I’m having a hard time tracking down any info on grouping cells together in parallel with a single BMS. I’ve seem a couple videos and not certain of a couple things.

After testing the capacity of each cell and determing the capacity of each:

How much variance is acceptable? What’s the biggest variance we’ve worked with without seeing an issue.

It seems to make more sense to make certain each set of parallel cells are as close to the same capacity so when charging them to 4.2 volt, none of them get overcharged but I think I saw a video where someone specifically selected cells with a low and high range but the total capacity of each set of (what I think was) parallel set of cells ended up being the same across the series of parallel cells.

Long story short, I have 60 cells ready to build a 12s5p and they are all between 2000-2150. If I group the closest 5 cells based off capacity, for example, one parallel set will have a total mah of 10,000 and most will be closer to 10,750, which is a 7% difference. The parallel set will hit 2.8 volts 7% faster than the highest set. Is that the best way to move forward or is there a better way to group the cells together. I think the video that I think I understand was someone grouping small and large together is confusing me.

Cells in parallel behave as if they were all just one big cell, No need for anything special. Cell-level fusing is a good idea so that if any one cell fails and goes short circuit it won’t damage the others in the parallel group, but not everyone uses this.

If you have mismatched cells in series however, that’s where the problems happen.

Basically you want each of the 12 5p packs to have the same capacity. It doesn’t matter if you have the highest and lowest capacity individual cells in the same pack or different, just that the whole pack has the same total capacity as all the others.

Cells in parallel share voltage between themselves since they’re essentially shorted positive to positive, negative to negative. Any voltage variation initially will be rapidly equalized.

Aww, I got confused. So I need 12 cells with nearly the same capacity so the BMS charges the 12 to 50.4v and the assumption is each will be 4.2v each. I guess that should also make the difference between each series a little closer together although the difference in mah per cell in series could be a decent rage, I figure 3-4% between high/low.

I guess that’s my problem. My question involves bottom balancing, I thought.

All cells I have are now 2.80v.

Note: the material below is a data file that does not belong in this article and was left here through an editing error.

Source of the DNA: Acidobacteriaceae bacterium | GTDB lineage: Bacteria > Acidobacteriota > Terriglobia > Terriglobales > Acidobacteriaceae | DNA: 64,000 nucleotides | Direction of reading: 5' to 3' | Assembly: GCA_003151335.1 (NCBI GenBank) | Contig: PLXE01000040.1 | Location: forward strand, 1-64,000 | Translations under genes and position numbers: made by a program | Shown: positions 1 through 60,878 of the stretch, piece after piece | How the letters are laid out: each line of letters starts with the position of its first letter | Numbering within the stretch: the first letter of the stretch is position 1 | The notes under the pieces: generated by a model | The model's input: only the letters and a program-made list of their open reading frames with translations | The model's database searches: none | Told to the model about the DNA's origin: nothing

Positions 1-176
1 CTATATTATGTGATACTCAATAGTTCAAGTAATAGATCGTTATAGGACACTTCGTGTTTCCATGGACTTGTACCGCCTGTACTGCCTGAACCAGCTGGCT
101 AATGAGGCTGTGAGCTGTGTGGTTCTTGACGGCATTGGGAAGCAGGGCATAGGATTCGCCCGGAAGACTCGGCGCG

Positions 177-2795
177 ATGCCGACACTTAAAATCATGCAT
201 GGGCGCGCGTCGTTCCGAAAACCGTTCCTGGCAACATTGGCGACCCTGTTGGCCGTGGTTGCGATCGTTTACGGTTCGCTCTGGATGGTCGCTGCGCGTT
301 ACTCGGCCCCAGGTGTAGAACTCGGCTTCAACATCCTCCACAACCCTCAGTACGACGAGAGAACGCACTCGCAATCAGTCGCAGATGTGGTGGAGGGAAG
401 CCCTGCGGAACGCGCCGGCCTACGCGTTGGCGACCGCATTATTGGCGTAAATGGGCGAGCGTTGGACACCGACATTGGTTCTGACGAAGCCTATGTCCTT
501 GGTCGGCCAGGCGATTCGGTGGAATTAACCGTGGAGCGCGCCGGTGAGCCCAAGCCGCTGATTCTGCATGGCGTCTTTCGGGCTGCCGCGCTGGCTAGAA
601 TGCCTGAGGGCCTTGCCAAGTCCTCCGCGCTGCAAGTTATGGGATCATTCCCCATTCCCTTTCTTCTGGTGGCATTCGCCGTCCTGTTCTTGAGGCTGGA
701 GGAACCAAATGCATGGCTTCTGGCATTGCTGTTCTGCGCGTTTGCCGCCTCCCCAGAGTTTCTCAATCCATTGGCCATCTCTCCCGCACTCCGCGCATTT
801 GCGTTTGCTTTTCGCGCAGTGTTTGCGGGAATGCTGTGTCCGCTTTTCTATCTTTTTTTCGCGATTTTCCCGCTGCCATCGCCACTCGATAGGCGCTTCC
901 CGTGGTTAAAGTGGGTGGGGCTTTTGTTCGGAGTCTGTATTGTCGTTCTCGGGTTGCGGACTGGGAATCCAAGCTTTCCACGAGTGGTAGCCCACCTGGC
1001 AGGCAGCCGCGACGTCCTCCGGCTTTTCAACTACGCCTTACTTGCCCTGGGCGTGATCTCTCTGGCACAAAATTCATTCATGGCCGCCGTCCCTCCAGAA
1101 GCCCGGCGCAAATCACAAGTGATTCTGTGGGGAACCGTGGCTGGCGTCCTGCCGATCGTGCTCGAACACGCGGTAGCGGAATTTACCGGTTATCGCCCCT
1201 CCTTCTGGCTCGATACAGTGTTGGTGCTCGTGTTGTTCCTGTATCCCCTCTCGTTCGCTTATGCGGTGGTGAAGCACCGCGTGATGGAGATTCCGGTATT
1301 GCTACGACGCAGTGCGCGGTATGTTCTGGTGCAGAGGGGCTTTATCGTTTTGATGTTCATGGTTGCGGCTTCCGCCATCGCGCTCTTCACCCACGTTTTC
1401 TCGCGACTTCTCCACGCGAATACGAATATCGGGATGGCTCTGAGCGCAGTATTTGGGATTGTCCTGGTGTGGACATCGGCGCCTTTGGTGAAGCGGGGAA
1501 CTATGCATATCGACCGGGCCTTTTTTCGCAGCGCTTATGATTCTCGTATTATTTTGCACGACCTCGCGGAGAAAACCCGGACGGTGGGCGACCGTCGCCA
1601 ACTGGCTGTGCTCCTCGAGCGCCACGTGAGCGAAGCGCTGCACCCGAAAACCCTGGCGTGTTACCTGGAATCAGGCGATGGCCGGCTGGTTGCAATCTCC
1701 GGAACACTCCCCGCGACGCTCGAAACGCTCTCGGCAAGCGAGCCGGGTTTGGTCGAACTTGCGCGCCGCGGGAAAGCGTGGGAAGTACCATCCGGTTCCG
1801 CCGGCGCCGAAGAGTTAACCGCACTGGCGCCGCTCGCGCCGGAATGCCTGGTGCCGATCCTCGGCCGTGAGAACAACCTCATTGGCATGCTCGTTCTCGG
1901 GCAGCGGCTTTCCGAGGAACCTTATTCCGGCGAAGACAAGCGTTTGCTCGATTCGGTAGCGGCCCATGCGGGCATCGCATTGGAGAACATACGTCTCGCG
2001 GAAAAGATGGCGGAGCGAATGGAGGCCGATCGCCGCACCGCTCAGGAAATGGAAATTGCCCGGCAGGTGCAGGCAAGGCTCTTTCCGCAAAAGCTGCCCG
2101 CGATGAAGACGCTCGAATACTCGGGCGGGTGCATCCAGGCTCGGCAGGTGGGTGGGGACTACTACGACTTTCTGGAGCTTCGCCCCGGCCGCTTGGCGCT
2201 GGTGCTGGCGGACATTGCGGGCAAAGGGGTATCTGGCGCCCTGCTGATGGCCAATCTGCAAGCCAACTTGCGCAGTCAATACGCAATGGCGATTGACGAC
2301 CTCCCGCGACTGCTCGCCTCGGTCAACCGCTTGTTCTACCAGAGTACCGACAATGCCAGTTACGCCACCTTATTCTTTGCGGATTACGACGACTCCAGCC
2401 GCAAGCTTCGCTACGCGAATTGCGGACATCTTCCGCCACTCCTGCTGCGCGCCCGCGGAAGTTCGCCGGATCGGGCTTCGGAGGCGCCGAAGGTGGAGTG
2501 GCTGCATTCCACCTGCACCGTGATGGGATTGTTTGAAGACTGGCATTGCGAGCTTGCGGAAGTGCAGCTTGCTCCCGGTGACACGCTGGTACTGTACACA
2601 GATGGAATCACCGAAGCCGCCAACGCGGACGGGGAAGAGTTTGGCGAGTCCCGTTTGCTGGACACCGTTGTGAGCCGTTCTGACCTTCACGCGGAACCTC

My current understanding (or misunderstanding) is that my balance lead will be connected to 1 of the 12 groups of cells. I assumed that meant the lead would charge the 5 batteries in that group (12s5p) until the BMS reads 4.20v. I assumed that meant the BMS reads the voltage of the 5 batteries and one of the 5 would reach 4.20 where, maybe, a larger capacity cell could be at 3.70v, which is an average of 3.95v. The 4.20v would continue to charge until the total average is 4.20v.

Of that’s wrong, anyone have anything in layman’s terms to help correct it.

Parallel cells are basically shorted together. Any one cell in a parallel pack cannot get a different charge voltage then eny of the others, because they’re connected together. If the parallel pack is 4.2v, ti’s guaranteed that every one of the cells in it will be as well.

If your whole series pack reads 12*4.2, and some of the sells in series have different capacities, that’s where you have balance issues.

A BMS will help keep everything happy even if there is a slight mismatch.

Aww ok. So even when the BMS cuts off at 4.20v, any of the smaller batteries will steal energy from the other ones and it will start charging again until they are all 4.20v, that makes sense, thank you.

Would it then make sense to try to build each series with the same mah capacity, or try to keep the mah the same with the 12 batteries in the series and not worry too much about the overall capacity of each series?

Let’s say you check each cell, and you have 12 that are either way higher or way lower than the rest. Let’s say they came from a different source or are a different brand, whatever. It’s best to have them distributed like this: